State of the Birds Report Shows Troubling Trends, But Some Encouraging News

The 2022 U.S. State of the Birds Report was recently released, and the findings are both dire and encouraging. Published by 33 leading science and conservation organizations and agencies, the 2022 report is the first comprehensive look at the state of the country’s bird populations since the release of a  2019 study, which revealed an astounding loss of nearly 3 billion birds in the U.S. and Canada over the past 50 years. Overall, birds across the U.S. continue to exhibit downward trends in every form of habitat (eg, forest, desert, mountain, coast) except wetlands, “where comebacks of waterfowl show the power of funding and policy investments”, the report reads.

Other “lowlights” of the report:

  • More than half of all U.S. bird species are declining.
  • 1 in 4 breeding birds have been lost from the U.S. and Canada in the past 50 years.
  • There are 70 “Tipping Point” species in the U.S., defined as species that have lost two-thirds of their populations in the past 50 years, and are on track to lose another 50% in the next 50 years.

Here in the Northeast, tipping point species include:


Evening grosbeak

Seaside sparrow

Saltmarsh sparrow

LeConte’s sparrow

King eider


Lesser yellowlegs

From a more local perspective, the report does contain what could be seen as encouraging news for some eastern species: “Since 1970, the overall population for eastern forest birds shows an almost 30% loss, but that loss curve has straightened since 2009. Today, some species previously in steep decline—such as red-cockaded woodpecker—are showing modest population gains. Forest-restoration efforts in the East appear to be bending the curve of bird loss.”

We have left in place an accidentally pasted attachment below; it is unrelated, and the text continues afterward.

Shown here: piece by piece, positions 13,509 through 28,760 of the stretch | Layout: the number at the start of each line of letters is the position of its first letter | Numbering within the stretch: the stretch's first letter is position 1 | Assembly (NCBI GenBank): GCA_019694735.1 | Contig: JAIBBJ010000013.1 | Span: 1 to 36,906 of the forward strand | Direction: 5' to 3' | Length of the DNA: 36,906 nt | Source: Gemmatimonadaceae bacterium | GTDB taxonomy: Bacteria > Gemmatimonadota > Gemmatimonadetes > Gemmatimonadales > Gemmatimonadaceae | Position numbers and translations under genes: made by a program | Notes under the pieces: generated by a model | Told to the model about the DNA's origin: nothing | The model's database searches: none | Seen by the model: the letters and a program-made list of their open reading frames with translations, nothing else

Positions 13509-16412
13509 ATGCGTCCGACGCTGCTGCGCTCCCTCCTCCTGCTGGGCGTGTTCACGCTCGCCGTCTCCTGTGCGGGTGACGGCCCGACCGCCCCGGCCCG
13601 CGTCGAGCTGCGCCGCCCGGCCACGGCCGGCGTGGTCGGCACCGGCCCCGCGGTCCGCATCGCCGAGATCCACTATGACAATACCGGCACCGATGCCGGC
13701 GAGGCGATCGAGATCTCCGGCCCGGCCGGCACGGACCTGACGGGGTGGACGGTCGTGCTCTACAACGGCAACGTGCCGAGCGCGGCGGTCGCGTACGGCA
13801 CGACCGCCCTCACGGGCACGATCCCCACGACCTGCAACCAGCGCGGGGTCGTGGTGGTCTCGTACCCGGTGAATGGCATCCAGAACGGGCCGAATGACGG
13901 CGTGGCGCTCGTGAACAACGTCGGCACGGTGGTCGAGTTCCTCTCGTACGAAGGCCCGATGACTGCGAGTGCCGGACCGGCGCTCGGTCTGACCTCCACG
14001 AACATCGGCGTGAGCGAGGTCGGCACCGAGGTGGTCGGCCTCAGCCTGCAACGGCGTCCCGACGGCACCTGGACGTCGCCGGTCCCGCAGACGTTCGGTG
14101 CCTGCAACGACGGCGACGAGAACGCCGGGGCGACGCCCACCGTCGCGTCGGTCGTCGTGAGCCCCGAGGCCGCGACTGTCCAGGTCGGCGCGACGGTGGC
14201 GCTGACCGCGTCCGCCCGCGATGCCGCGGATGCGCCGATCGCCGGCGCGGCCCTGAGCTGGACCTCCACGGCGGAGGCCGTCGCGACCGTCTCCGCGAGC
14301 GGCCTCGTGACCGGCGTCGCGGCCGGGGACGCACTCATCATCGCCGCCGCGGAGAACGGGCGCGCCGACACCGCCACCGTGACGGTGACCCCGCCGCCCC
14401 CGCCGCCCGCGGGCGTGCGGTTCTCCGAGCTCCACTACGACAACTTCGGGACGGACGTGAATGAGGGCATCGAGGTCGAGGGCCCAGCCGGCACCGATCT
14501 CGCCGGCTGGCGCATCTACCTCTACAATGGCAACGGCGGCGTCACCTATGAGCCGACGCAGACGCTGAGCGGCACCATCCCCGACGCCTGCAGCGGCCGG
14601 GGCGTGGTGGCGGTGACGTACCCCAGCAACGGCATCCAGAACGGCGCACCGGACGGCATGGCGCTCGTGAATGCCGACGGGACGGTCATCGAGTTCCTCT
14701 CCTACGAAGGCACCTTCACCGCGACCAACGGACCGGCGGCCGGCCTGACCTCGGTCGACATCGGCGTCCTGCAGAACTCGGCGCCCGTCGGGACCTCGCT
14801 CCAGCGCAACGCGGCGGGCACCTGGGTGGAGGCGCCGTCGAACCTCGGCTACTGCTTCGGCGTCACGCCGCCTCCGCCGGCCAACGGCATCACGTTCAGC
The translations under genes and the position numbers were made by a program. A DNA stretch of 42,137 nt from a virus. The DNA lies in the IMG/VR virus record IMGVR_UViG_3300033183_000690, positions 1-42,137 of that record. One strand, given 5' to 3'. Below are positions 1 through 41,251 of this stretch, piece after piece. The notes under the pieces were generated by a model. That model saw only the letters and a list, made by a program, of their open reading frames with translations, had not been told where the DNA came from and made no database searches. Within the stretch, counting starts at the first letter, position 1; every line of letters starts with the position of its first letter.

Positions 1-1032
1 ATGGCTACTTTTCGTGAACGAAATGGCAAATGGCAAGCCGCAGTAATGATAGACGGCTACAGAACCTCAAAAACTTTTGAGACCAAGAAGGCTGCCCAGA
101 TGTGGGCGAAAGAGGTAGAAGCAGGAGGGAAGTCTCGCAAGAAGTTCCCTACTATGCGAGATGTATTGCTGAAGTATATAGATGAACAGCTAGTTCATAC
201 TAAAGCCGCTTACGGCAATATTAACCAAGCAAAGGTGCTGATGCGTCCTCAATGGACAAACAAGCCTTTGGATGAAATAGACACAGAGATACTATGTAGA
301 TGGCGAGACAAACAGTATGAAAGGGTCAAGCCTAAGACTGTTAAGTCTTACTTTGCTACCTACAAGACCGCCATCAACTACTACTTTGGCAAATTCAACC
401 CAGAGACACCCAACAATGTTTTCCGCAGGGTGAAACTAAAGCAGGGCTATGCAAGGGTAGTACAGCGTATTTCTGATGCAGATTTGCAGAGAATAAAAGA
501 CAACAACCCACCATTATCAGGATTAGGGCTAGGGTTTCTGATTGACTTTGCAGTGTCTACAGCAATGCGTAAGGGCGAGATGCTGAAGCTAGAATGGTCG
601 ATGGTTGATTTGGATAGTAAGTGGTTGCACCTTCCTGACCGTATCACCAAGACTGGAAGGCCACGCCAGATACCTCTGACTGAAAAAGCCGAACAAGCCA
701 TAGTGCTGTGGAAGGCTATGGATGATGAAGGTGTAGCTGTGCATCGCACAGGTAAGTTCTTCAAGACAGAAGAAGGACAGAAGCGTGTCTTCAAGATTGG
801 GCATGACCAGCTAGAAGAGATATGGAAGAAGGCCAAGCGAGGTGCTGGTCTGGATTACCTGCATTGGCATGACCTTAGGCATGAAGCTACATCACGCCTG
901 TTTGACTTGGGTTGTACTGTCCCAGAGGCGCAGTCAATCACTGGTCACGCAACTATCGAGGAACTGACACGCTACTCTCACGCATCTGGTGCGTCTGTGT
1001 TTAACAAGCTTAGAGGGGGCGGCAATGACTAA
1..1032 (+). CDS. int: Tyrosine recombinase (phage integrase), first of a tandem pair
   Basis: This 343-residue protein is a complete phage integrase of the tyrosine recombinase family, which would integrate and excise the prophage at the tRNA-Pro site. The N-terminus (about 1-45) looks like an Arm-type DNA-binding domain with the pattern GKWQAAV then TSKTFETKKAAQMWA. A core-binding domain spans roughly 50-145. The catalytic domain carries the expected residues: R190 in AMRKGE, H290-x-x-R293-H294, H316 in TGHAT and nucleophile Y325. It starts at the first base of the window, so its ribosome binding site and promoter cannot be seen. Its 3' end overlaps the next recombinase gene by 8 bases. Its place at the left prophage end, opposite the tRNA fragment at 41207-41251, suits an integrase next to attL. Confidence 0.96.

Shorebirds, Seabirds See Largest Declines

According to the report, one-third of all 29 shorebird species (10 species) in the U.S. are considered Tipping Point species, with cumulative population losses exceeding 70% since 1980. Many of the challenges facing these birds are based on their international migratory travels, which leave them vulnerable to habitat loss and hunting in other countries.

“Many shorebirds make long-distance migrations, flying thousands of miles between Arctic breeding grounds and South American wintering areas—and encountering threats throughout the Western Hemisphere,” the report reads. “Shorebird populations have declined significantly in the last 40 years. Threats include disturbance and loss of stopover habitat along coastal beaches and estuaries, unregulated hunting in the Caribbean and South America, and continued draining of shallow wetlands.

“On the bright side, even the Tipping Point Shorebird species are showing signs of improvement. Though their population is collectively down by 63%, the rate of loss has slowed considerably in the past decade.

“Seabirds are another group suffering cascading declines around the world. One study documented a 70% population loss for seabirds since the 1950’s. These declines are also occurring in America’s ocean waters, where about a quarter of U.S. seabird species are designated as Tipping Point species. Seabirds spend almost their entire lives on the ocean, so they are important indicators of the health of marine ecosystems.”

The report also offers a roadmap for protecting and enhancing bird populations. This includes:

  • Supporting capacity and strong public-private partnerships to keep birds from becoming endangered. Reversing declines of birds across habitats can boost wildlife and quality of life for people in all 50 states.
  • Uniting research discoveries, emerging technologies, and social sciences to pinpoint acute causes of species declines and reveal data-driven insights for reversing those trends.
  • Generating solutions that work, based on collective knowledge, participation, and mutual goals from communities, businesses, scientists, land managers, and decision-makers.